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May 2010


by Andrew D. Schwartz, CPA

Roth conversion season is in full swing.  Remember, 2010 marks the first time since Roth IRAs were introduced back in 1998 that people earning more than $100k can convert their IRAs and other eligible retirement accounts to a Roth IRA.  Plus, anyone who converts their retirement savings to a Roth IRA this year has the option of reporting that income on their 2010 return, or splitting the income equally over the subsequent two tax years.

During this past winter, I heard from a handful of clients who began the process of converting some of their retirement accounts to a Roth IRA, and was surprised by one specific issue that many of those clients called me to discuss.  Apparently, certain financial institutions seem to be recommending that their customers elect to withhold federal and state income taxes on the money being converted.

If you plan to convert, please be aware that withholding income taxes on a Roth conversion is a huge pitfall.  While you'll owe income taxes on the amount converted, you don't owe the 10% early withdrawal penalty on money rolled into your Roth account within 60 days. Since any money withheld for taxes is not deposited into your Roth account, expect to pay income taxes plus a 10% early withdrawal penalty on the taxes withheld. 

According to the IRS in Publication 590 on Individual Retirement Accounts:

You can withdraw all or part of the assets from a traditional IRA and reinvest them (within 60 days) in a Roth IRA. The amount that you withdraw and timely contribute (convert) to the Roth IRA is called a conversion contribution. If properly (and timely) rolled over, the 10% additional tax on early distributions will not apply.

You can roll over part of the withdrawal into a Roth IRA and keep the rest of it. The amount you keep will generally be taxable (except for the part that is a return of nondeductible contributions) and may be subject to the 10% additional tax on early distributions.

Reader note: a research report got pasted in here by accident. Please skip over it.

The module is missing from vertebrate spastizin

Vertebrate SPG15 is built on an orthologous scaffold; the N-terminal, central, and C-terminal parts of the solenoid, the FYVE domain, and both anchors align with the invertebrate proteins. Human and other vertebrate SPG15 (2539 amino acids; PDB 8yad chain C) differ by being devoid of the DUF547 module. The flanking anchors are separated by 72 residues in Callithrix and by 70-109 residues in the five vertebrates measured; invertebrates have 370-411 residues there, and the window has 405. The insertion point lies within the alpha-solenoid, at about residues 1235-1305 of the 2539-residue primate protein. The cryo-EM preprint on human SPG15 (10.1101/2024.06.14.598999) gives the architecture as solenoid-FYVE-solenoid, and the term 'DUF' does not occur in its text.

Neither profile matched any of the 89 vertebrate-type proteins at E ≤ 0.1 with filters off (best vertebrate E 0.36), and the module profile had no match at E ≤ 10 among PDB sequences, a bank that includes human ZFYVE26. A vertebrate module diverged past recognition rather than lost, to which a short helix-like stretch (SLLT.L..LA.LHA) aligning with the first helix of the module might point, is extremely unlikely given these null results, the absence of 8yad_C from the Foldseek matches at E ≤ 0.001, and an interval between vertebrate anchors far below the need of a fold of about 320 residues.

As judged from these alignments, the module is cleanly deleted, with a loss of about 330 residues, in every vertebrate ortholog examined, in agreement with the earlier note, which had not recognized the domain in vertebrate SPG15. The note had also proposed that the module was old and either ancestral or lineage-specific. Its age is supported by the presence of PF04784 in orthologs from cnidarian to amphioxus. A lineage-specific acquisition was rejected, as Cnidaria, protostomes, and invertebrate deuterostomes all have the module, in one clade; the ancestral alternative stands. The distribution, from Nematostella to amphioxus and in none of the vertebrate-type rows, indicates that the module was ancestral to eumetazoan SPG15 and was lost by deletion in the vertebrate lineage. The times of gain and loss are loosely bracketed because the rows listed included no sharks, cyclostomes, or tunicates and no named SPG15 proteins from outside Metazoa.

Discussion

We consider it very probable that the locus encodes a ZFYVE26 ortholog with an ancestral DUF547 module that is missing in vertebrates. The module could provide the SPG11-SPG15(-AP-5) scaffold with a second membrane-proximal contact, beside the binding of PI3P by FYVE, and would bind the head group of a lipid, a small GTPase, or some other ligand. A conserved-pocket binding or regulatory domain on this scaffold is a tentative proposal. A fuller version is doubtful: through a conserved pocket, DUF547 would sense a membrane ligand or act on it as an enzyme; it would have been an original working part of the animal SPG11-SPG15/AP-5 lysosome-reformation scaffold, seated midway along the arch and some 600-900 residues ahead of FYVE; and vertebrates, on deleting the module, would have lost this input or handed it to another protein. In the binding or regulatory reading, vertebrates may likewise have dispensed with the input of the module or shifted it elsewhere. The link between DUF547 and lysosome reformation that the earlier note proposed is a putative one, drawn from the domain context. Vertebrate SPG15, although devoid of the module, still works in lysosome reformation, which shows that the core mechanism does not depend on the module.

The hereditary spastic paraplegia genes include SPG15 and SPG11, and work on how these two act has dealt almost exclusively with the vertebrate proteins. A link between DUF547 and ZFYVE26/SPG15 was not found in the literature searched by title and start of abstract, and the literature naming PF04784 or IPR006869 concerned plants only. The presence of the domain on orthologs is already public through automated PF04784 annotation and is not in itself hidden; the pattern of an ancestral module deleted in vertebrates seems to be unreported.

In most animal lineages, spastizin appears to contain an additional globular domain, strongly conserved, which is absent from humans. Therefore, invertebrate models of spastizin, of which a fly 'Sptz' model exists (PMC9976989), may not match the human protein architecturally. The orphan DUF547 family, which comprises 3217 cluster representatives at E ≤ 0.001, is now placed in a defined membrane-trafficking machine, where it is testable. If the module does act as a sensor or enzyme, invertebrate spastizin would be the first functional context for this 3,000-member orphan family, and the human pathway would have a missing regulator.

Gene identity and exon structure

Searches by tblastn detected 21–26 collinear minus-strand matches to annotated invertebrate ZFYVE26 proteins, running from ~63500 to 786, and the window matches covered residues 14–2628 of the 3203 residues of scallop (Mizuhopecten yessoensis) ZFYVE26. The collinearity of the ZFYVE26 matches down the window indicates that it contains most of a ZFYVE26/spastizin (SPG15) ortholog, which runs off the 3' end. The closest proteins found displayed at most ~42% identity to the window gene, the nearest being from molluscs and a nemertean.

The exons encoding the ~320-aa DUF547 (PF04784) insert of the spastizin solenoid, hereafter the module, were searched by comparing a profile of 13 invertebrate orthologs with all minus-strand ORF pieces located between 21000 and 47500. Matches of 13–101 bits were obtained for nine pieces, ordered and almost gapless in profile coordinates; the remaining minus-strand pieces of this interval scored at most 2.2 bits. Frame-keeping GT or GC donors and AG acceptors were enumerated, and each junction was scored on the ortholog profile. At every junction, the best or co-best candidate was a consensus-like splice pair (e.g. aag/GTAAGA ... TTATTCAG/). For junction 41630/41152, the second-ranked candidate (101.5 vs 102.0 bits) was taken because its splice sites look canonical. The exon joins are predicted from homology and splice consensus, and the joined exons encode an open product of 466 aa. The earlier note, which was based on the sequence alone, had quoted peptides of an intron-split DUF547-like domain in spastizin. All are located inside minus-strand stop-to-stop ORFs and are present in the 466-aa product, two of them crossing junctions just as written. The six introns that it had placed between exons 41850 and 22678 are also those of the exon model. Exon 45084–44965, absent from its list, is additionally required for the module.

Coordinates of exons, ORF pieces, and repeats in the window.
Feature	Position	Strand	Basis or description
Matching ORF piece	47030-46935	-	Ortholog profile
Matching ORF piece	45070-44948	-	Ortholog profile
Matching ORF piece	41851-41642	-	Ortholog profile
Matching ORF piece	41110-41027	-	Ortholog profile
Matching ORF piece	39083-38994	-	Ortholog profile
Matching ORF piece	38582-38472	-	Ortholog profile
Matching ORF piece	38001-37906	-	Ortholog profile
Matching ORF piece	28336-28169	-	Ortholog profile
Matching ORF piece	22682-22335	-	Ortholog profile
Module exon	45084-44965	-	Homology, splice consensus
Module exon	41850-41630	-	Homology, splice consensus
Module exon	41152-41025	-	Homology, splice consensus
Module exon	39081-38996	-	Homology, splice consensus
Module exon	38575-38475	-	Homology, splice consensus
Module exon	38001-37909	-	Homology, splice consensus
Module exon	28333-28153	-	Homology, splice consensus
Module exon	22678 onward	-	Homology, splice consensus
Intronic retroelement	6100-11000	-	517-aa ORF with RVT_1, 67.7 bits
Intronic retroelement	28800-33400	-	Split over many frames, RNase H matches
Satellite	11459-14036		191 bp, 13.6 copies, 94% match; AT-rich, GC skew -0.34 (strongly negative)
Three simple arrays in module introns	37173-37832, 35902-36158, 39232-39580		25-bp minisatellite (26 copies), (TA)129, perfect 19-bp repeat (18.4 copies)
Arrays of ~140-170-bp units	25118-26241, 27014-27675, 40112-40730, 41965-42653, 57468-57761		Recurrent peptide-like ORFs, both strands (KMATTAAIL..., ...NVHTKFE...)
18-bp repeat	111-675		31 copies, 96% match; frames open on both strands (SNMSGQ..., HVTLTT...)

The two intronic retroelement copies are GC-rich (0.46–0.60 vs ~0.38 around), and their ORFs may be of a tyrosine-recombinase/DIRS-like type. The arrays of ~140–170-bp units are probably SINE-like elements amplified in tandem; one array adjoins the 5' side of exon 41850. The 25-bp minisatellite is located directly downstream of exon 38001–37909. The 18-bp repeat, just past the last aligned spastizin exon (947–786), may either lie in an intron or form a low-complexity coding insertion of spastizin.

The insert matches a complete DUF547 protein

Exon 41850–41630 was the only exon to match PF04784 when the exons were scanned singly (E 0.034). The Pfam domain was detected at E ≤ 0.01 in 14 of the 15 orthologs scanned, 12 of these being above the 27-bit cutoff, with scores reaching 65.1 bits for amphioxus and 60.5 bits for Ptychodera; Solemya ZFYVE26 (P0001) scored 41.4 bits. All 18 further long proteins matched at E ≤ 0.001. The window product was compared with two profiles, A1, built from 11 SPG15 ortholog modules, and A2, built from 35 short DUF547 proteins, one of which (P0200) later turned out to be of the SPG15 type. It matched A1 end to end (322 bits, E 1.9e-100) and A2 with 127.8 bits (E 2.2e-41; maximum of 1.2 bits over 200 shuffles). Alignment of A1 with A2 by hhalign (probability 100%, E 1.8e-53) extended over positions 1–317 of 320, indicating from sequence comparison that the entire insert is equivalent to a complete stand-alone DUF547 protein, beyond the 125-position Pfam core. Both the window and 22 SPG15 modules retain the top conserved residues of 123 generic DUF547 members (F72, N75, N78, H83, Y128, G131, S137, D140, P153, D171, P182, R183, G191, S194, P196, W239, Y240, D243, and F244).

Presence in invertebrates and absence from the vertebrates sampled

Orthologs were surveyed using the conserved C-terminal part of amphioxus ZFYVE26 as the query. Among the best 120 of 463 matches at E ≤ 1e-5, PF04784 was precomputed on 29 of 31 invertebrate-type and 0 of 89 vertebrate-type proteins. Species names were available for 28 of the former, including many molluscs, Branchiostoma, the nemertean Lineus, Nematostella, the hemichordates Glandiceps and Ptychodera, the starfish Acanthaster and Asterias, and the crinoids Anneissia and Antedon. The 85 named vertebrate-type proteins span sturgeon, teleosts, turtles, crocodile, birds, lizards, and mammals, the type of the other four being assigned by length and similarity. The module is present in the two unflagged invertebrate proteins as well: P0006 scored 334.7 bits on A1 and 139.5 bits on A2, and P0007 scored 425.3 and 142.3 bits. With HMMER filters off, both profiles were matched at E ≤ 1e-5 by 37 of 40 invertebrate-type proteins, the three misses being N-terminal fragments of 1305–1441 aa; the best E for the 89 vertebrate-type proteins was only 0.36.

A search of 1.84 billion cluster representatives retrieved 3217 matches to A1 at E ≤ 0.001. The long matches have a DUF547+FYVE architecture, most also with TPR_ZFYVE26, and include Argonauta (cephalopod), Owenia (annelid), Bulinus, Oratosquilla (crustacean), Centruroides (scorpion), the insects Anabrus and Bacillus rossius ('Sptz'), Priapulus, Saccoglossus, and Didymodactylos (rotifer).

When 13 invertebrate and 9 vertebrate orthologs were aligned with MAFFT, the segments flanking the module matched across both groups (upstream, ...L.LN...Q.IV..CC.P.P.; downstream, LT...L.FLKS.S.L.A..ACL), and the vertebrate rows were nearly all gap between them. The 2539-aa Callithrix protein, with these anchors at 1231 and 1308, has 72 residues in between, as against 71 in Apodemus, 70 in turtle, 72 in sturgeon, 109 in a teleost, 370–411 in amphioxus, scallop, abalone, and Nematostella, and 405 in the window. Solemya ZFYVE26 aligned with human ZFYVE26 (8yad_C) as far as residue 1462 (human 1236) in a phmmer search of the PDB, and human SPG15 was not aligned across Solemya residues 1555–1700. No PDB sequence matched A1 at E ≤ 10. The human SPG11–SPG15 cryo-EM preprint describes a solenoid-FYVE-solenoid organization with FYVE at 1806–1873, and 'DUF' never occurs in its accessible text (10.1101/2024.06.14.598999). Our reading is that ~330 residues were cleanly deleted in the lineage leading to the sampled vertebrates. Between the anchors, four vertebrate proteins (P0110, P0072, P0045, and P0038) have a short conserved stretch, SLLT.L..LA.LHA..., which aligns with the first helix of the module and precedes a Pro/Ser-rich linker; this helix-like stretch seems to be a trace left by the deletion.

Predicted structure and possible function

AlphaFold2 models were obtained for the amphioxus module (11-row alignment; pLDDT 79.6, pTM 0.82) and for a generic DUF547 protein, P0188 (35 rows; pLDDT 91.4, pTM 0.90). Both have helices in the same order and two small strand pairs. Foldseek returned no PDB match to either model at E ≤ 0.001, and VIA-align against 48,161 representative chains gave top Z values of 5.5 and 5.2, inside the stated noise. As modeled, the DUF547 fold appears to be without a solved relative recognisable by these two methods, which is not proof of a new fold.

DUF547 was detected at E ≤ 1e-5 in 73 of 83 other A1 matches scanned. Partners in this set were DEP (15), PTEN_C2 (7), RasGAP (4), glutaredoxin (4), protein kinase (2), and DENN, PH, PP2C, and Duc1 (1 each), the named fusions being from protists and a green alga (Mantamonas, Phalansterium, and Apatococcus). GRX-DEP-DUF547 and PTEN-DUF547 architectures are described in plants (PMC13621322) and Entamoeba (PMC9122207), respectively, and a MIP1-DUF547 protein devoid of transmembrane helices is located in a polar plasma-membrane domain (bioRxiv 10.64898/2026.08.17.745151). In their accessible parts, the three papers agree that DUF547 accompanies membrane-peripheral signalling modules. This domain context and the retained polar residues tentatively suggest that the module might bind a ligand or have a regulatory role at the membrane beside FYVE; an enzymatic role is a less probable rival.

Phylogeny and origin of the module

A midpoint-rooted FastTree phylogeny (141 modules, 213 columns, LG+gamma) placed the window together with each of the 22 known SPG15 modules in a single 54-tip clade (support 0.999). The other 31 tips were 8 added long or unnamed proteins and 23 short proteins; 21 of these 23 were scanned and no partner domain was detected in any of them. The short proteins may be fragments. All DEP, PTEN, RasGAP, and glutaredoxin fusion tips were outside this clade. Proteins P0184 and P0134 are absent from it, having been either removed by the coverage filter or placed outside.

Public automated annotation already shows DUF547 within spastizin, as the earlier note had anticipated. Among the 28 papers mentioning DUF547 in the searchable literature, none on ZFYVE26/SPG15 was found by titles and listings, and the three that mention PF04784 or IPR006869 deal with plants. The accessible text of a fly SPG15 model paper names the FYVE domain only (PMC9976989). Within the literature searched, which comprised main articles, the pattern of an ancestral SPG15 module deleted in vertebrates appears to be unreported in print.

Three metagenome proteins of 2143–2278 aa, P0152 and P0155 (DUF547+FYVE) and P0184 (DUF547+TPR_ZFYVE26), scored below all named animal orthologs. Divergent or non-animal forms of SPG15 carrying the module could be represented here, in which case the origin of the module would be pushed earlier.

Another huge problem with having taxes withheld on the Roth conversion is that you end up with less money within your retirement savings accounts following the conversion.  Unless the money will remain invested for decades, wouldn't you be better off having 100% of your money growing tax-deferred within your IRA than having 75% of your money growing tax-free within a Roth IRA?

As part our revised 2010 Roth Conversion Quiz, we include whether you have enough money to pay the taxes due on the Roth conversion as one of the ten criteria to consider prior to converting.  Please note that our Roth Conversion quiz is like golf where the lower the score the better. Let's take a look at question number 4 from the Quiz as reprinted below:

Question 4: How will you pay the taxes that will be due in connection with the conversion? Remember, the taxes on the 2010 conversion can be spread over two years starting in 2011.

  • You currently have enough money sitting in a savings account to pay the taxes that will be due. (2 points)
  • You will be able to adjust your withholding at work to cover the additional taxes that will be due without impacting your family budget too badly. (4 points)
  • The money needed to pay the taxes is fully invested in stocks and mutual funds. To pay the taxes that will be due, you will need to sell some of those investments. (6 points)
  • You will not be able to come up with the money to pay the taxes on the conversion without withdrawing money from the Roth IRA. (8 points)

60 Day Solution

What happens if you already converted your IRAs to a Roth IRA, and you elected to have taxes withheld?  If 60 days have not elapsed from the date of the conversion, you can transfer money from your non-retirement savings account into the Roth IRA to cover the taxes withheld.  When you complete your tax returns next winter, you'll get back those taxes withheld on the Roth conversion.

De-Convert If Necessary

If more than 60 days have passed, or you do not have the money to repay your Roth account for the taxes that were withheld, you can always undo the Roth conversion.  Just make sure that the financial institution reverses any taxes that were previously withheld.

And don't forget that you are not allowed to reconvert your recharacterized IRA account during the same calendar year.  According to the IRS, "You cannot convert and reconvert an amount during the same tax year or, if later, during the 30-day period following a recharacterization. If you reconvert during either of these periods, it will be a failed conversion."



Are you concerned about the high cost of sending a child to college? Do you have a child who is in high school and will be starting their undergraduate career in the next few years?

If so, please post your college financial planning questions on our new College Financial Planning Forum.  We have a specialist waiting to answer your questions and give you some great tips to help make the cost of a child's college education more affordable.



by Andrew D. Schwartz, CPA